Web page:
Summer is the season of adventure!…or lounging by the pool… no no, let’s talk about adventure, don’t you love a little adventure? My husband Stu and I just moved to a new area and hiked on one of the local trails last weekend. It was so beautiful. But I find when we leave home, sometimes time can get away from us. So I recommend being prepared with some quick strategies to keep you fuelled and feeling good…. And of course your gut happy!
When you’re being active and enjoying the great outdoors, you need snacks to fuel your body that won’t keep you down. Some go-to snacks are trail-mix and granola – we have you covered with some great ideas.
Low FODMAP Trail Mix
A handful of trail mix is a great option for a small, grab-and-go snack (by handful, I mean about 2 to 4 tablespoons). I love easy-to-pack snacks! Trail mix is a good balance of protein and carbohydrates that will provide you with energy to keep you going. However, be mindful of high FODMAP ingredients sneaking in there. These high FODMAP ingredients can cause digestive distress like gas, bloating, and discomfort, which nobody likes. You might want to avoid these high FODMAP nuts as well as dried fruit in general, which are high in FODMAPs. Since dried fruit has most of the moisture removed, the sugars (and FODMAPs) tend to be more concentrated than in whole fruits. So you’ll find even low FODMAP fruit that is dried, might cause issues. Most people can tolerate a small amount of dried fruits like cranberries and raisins – a small serving of ½ to 1 tablespoon should be fine. Dried banana and pineapple are other good choices for your mix.
Level of FODMAPs
|Low (<10 nuts)||
|Macadamia nuts, peanuts, pecans, walnuts, chestnuts, brazil nuts, pine nuts||Almonds||Cashews|
|Pumpkin seeds, sunflower seeds||Hazelnuts||Pistachios|
Our Suggestion: Throw together your own mixture of low FODMAP nuts (see chart below), dried banana, a tsp of dried cranberries, plus a sprinkle of dark chocolate chips for an easy, healthy snack that travels well in your backpack! Keep the serving of dark chocolate to less than 2 tablespoons per person because larger serving sizes contain moderate amounts of lactose, or look for chocolate chips that don’t have any milk ingredients. And remember, even though some nuts are low in FODMAPs, whole nuts and seeds (as compared to nut/seed butters) are harder to digest, so still be mindful of your portion size and make sure you chew thoroughly to help your digestive system out and keep symptoms at bay.
Another great option when you’re on-the-go is granola. You can serve it with yogurt, almond milk, or try sprinkling it on a peanut butter sandwich.
Low FODMAP Recipe: Spiced Granola
Makes: 8-12 servings
Time: 5 minutes prep, 25 minutes cook
1 cup pecans, chopped
1 cup sunflower seeds, hulled, unsalted
1 cup pumpkin seeds, hulled, unsalted
¼ cup shredded coconut, unsweetened
¼ cup sesame seeds
1 tbsp cinnamon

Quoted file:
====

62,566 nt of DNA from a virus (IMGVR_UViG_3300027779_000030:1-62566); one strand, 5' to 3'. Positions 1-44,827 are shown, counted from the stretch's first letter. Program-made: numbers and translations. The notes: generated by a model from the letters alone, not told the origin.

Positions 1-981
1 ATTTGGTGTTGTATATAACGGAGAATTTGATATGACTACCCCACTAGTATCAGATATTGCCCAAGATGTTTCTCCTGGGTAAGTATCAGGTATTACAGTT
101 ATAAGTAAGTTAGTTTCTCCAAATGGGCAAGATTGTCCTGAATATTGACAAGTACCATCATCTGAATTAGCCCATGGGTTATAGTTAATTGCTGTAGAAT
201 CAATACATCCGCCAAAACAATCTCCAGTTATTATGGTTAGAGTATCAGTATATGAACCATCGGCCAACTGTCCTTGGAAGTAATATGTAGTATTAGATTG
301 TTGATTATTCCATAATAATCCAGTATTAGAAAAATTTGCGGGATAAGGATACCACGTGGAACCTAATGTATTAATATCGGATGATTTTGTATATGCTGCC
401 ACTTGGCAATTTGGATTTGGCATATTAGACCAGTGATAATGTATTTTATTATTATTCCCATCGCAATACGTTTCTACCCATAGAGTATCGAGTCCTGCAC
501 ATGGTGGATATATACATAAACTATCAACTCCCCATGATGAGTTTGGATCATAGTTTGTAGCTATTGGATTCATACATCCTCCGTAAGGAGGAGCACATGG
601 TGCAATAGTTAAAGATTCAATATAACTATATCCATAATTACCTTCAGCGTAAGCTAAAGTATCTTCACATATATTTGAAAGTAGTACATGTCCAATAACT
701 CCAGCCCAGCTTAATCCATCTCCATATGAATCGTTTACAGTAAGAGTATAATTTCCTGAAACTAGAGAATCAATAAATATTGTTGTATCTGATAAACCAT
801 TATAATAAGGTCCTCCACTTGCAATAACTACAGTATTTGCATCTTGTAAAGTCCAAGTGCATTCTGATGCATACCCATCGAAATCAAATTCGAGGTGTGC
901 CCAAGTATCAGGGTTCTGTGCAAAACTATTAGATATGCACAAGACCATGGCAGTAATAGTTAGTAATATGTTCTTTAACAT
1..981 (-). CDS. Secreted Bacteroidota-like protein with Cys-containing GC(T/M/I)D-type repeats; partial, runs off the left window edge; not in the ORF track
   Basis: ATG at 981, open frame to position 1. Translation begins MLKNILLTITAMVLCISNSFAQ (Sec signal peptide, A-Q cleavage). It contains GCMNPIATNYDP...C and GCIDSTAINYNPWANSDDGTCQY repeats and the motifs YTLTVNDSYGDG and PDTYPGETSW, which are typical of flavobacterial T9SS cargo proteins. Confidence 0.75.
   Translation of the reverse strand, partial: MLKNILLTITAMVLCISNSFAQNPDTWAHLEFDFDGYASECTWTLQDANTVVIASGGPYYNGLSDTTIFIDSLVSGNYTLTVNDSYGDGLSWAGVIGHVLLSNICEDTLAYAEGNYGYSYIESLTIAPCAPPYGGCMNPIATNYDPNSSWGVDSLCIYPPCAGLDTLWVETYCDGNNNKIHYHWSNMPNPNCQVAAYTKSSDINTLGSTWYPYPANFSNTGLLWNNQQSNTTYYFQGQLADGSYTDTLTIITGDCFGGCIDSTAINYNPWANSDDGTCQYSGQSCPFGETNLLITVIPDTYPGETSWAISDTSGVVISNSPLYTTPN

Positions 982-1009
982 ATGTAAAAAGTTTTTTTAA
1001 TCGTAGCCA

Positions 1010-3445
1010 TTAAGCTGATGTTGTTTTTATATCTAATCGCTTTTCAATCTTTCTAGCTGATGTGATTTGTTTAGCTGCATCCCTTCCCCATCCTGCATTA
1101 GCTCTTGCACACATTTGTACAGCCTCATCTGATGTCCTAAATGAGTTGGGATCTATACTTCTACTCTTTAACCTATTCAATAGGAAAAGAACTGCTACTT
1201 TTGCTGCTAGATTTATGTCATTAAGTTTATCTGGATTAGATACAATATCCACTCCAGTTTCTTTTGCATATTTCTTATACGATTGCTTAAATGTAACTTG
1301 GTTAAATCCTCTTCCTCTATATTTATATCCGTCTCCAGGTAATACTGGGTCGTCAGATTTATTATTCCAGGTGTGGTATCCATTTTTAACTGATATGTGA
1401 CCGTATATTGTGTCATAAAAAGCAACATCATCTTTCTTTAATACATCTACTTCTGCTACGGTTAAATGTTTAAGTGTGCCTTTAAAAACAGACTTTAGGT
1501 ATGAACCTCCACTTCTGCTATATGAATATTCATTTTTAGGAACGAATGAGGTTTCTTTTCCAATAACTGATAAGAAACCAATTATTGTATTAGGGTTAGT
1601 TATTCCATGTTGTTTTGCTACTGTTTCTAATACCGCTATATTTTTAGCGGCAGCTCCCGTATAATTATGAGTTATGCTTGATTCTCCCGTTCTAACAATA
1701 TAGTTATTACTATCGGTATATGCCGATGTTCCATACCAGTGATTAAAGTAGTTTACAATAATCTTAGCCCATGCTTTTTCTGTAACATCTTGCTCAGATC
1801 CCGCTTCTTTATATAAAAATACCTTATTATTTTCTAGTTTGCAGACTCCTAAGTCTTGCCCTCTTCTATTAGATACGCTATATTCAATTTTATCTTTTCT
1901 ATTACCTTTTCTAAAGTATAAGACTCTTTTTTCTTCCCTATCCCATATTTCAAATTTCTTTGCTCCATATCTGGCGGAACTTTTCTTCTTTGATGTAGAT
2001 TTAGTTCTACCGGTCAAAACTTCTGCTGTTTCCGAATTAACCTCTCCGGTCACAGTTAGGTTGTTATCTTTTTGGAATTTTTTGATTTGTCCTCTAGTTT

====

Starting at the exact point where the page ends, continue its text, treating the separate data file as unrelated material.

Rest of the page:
½ tbsp allspice
¼ cup cutter OR canola oil OR a dairy-free butter alternative (try Earth Balance dairy-free, gluten-free option)
¼ cup maple syrup
OPTIONAL: ¼ cup oats
Preheat oven to 325°F.
Line a baking sheet with parchment paper.
Combine pecans, sunflower seeds, pumpkin seeds, coconut, sesame seeds, cinnamon, all spice (and oats, if using) in a large mixing bowl.
Melt butter or dairy-free alternative, if using.
Stir in maple syrup and melted butter OR melted dairy-free alternative OR canola oil to coat the nut and seed mixture.
Spread mixture evenly onto parchment-covered baking sheet.
Bake for 20-30 minutes, stirring once after 15 minutes.
FODMAP Note: Coconut and oats both contain moderate amounts of FODMAPs so this recipe limits the portion size to be low FODMAP. The portion limits are ¼ cup dried coconut and ¼ cup dried oats.
Low FODMAP Fuel: How to keep your gut happy and stay energized
Sometimes once we get going, it’s easy to stop paying attention to feelings of hunger and thirst. You need to fuel your body to keep up the pace and keep your body feeling good while you’re on your adventures. Here are some tips to help you plan ahead:
- Plan for a meal or snack every 3 to 4 hours (pack something with you if you’re on-the-go).
- Ensure you balance carb foods like crackers or fruit with a protein food like nuts/seeds, cheese, yogurt, eggs, meat, fish, or beans.
- When it’s time to eat, find a relaxing lookout spot and have a rest while you enjoy your snack.
- Carry a water bottle to help your body stay hydrated. Drink throughout your activities. If you wait until your thirsty – you’re already dehydrated.
- If you’re doing strenuous activity for a long period of time, or sweating a lot, you might need to replenish your electrolytes.Try making your own citrus sports drink with the juice from 1 lemon and 1 lime (or orange), 1 tsp salt, 1 tsp maple syrup.
For tips on how to stay feeling good on longer trips, check out my Camping with IBS article!
Now that you’ve got your snacks packed – get outside and start your next adventure 😉
Much love and good eating,